Date of Thesis


Thesis Type

Honors Thesis (Bucknell Access Only)

Degree Type

Bachelor of Science



First Advisor

David Evans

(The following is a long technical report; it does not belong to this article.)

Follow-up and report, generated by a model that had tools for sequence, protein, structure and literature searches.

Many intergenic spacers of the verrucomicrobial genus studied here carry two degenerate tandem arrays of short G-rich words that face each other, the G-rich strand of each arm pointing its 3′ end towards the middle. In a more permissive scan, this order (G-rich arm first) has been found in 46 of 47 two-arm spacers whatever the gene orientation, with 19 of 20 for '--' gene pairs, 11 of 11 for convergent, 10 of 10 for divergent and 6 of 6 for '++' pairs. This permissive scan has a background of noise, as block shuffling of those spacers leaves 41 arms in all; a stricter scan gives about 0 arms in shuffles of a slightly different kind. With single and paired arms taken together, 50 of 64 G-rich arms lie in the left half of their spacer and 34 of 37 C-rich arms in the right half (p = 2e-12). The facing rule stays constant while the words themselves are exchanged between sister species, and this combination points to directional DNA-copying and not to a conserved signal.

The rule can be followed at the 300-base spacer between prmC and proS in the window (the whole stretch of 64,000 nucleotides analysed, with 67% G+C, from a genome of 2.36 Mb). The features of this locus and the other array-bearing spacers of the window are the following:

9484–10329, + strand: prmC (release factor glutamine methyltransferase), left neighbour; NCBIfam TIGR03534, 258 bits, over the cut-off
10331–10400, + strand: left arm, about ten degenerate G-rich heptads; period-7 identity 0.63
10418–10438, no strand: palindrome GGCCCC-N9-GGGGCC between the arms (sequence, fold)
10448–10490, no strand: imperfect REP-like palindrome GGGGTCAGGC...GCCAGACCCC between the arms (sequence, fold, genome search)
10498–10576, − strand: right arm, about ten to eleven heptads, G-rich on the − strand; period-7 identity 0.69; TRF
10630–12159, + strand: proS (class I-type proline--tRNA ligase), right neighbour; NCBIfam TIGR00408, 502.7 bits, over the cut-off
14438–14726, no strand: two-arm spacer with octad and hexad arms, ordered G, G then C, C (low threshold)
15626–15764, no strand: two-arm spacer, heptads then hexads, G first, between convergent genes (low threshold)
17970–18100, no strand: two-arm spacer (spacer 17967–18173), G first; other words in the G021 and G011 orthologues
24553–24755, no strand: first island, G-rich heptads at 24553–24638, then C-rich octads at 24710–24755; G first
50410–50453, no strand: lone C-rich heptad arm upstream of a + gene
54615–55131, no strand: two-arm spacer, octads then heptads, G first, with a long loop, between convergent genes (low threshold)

Evidence suggests that the social cognition deficits prevalent in autism spectrum disorders (ASDs) are widely distributed in first degree and extended relatives. This ¿broader autism phenotype¿ (BAP) can be extended into non-clinical populations and show wide distributions of social behaviors such as empathy and social responsiveness ¿ with ASDs exhibiting these behaviors on the lower ends of the distributions. Little evidence has previously shown relationships between self-report measures of social cognition and more objective tasks such as face perception in functional magnetic resonance imaging (fMRI) and event-related potentials (ERPs). In this study, three specific hypotheses were addressed: a) increased social ability, as measured by an increased Empathy Quotient, decreased Social Responsiveness Scale (SRS-A) score, and increased Social Attribution Task score, will predict increased activation of the fusiform gyrus in response to faces as compared to houses; b) these same measures will predict N170 amplitude and latency showing decreased latency and increased amplitude for faces as compared to houses with increased social ability; c) increased amygdala volume will predict increased fusiform gyrus activation when viewing faces as compared to houses. Findings supported all of the hypotheses. Empathy scores significantly predicted both right FFG activation [F(1,20) = 4.811, p = .041, ß = .450, R2 = 0.20] and left FFG activation [F(1,20) = 7.70, p = .012, ß = .537, R2 = 0.29]. Based on ERP results increased right lateralization face-related N170 was significantly predicted by the EQ [F(1,54) = 6.94, p = .011, ß = .338, R2 = 0.11]. Finally, total amygdala volume significantly predicted right [F(1,20) = 7.217, p = .014, ß = .515, R2 = 0.27] and left [F(1,20) = 36.77, p < .001, ß = .805, R2 = 0.65] FFG activation. Consistent with the a priori hypotheses, traits attributed to the BAP can significantly predict neural responses to faces in a non-clinical population. This is consistent with the face processing deficits seen in ASDs. The findings presented here contribute to the extension of the BAP from unaffected relatives of individuals with ASDs to the general population. These findings also give continued evidence in support of a continuous distribution of traits found in psychiatric illnesses in place of a traditional, dichotomous ¿all-or-nothing¿ diagnostic framework of neurodevelopmental and neuropsychiatric disorders.